The Novice Director walks in as I am receiving this advice and whispers to me that we don’t really genuflect here. Just before the procession begins, my Novice Master has an idea and whispers to me “I’ll give you five bucks every time you genuflect.”

A ha—a challenge. We walk down the aisle, hold the book open for the priest. As I put the book down, I get down on my knee; a little “Cha ching” goes off in my head. I start planning how I will make it to fifteen, no maybe twenty dollars. But, I have to focus at the task at hand, and open the experience of actually serving on the altar. I like both the serious nature of how I’m serving right now in addition to the fun of a “contest” – during the homily, I reflect on the term celebrating Mass and how the celebrating part so often gets lost in the shuffle in the name of keeping the ritual train moving. Still, after going to Mass all of my life, I am finding myself surprisingly moved by what’s going on. I “set” the table and seem to do everything right; I serve the wine during communion. After cleaning up the table, I clock in another genuflect (Cha-ching) but decide not to push it past that and take my seat. 

After we process out at the end of the service, I get a thumbs up from the presider.

As a couple of people do come up to me and mention that I did not need to genuflect, I smile to myself and think about my newfound riches. My Novice Director walks by and says that he forgot to mention that the money only went into effect after THREE genuflects; I tell him that I’ll be by the office to collect tomorrow. Everybody heads downstairs for the pre-dinner drink and I stay to clean up a few things. Before heading down, I walk into the chapel and sit down. I take a moment to thank God for being here. After that I realize that it’s the first time I have thanked God for anything in over six months.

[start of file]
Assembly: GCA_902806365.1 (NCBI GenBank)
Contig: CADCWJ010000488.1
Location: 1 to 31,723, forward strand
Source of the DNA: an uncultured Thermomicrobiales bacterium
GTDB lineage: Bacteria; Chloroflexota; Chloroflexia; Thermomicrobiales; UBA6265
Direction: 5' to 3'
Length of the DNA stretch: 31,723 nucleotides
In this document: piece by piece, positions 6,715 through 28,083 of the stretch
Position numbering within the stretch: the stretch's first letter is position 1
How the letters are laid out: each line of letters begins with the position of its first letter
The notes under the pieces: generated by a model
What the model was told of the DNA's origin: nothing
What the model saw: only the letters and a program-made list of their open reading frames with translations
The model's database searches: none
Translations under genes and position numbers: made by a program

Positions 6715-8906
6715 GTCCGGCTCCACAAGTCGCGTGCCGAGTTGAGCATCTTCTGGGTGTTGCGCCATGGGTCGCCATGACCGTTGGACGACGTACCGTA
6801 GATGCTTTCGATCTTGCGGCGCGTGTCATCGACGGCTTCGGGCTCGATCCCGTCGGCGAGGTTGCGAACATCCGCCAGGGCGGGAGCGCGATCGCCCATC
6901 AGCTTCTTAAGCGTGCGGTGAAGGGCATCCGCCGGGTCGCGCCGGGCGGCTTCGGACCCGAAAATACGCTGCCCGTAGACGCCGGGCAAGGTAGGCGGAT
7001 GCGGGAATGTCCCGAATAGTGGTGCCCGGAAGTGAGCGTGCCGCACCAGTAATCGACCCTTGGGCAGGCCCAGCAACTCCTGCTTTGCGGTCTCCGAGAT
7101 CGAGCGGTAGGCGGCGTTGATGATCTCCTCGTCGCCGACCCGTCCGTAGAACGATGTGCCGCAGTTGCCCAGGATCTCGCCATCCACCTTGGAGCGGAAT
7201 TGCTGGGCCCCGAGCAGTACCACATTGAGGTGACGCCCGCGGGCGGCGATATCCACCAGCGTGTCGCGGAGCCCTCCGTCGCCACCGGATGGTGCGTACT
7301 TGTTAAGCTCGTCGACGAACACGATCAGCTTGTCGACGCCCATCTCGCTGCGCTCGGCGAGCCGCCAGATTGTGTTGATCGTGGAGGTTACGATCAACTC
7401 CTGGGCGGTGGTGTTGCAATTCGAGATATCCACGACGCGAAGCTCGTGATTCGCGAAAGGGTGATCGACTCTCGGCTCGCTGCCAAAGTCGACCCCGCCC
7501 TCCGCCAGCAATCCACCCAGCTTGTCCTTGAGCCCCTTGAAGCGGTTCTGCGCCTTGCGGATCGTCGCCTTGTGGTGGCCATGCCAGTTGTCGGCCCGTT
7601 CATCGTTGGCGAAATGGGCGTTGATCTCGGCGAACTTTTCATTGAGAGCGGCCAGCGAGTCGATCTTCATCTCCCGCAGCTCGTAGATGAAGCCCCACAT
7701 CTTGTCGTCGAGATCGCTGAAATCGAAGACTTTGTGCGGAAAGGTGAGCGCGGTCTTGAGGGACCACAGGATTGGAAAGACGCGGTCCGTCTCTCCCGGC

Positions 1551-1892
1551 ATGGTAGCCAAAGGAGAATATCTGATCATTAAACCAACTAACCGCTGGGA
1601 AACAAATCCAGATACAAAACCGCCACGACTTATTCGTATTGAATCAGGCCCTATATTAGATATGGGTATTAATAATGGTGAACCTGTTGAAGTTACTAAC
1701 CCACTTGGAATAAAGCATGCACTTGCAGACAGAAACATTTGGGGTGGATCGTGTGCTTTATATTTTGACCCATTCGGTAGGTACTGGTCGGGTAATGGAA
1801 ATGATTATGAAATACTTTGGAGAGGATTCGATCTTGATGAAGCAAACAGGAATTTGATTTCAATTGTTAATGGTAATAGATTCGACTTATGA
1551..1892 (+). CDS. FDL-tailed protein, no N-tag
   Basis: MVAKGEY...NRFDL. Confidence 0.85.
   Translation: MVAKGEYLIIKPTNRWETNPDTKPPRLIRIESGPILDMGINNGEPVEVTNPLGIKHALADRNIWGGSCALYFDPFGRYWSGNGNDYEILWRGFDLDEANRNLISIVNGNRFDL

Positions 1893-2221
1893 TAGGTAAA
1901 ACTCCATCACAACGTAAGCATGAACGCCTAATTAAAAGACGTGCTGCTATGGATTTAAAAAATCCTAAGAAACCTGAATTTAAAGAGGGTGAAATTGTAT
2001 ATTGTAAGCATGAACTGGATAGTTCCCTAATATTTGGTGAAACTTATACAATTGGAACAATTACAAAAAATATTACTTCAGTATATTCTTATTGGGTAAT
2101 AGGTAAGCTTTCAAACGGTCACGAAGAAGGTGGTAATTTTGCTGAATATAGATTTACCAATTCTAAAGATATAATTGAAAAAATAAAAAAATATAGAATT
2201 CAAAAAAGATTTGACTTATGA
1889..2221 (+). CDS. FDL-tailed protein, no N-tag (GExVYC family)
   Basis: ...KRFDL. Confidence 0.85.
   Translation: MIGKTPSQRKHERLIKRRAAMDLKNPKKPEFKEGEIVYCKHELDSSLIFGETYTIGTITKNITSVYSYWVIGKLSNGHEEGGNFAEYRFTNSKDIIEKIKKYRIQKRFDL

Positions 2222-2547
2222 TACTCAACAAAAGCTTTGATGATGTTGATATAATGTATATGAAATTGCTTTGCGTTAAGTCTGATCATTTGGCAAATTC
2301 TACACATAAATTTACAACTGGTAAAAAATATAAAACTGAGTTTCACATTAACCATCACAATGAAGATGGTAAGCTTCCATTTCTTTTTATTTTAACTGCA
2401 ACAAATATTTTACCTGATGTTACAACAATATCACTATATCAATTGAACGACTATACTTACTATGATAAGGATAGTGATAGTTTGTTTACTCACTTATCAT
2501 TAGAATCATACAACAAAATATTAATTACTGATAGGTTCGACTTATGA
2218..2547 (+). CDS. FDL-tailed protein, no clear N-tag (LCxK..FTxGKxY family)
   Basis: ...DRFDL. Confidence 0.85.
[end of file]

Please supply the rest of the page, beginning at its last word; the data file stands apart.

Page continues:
The next day, a traffic ticket comes in the mail. “Somebody” had driven by one of those cameras a few weeks back in the tunnels of 395. After checking my calendar, it turns out that the one-hundred dollar ticket belongs to me. After confessing to the Novice Director that it was me, I let him know that it’s a good thing that the ticket came AFTER the service.

 
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The Author : Fr. Tom Gibbons
Since 2009, Tom Gibbons, CSP, has shared insights on faith, pop culture, and seminary life in the Kicking and Screaming blog here at Busted Halo. On May 19, 2012, Tom was ordained a Paulist priest at St. Paul the Apostle Church in New York City. He will begin serving St. Peter's Catholic Church in Toronto, Canada beginning in July 2012.
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Please note that the editorial staff reserves the right to not post comments it deems to be inappropriate and/or malicious in nature, as well as edit comments for length, clarity and fairness.
  • mary ann

    Your posts are very entertaining. Thank you for sharing your experiences. May God continue to bless you and may you continue to remember to thank Him.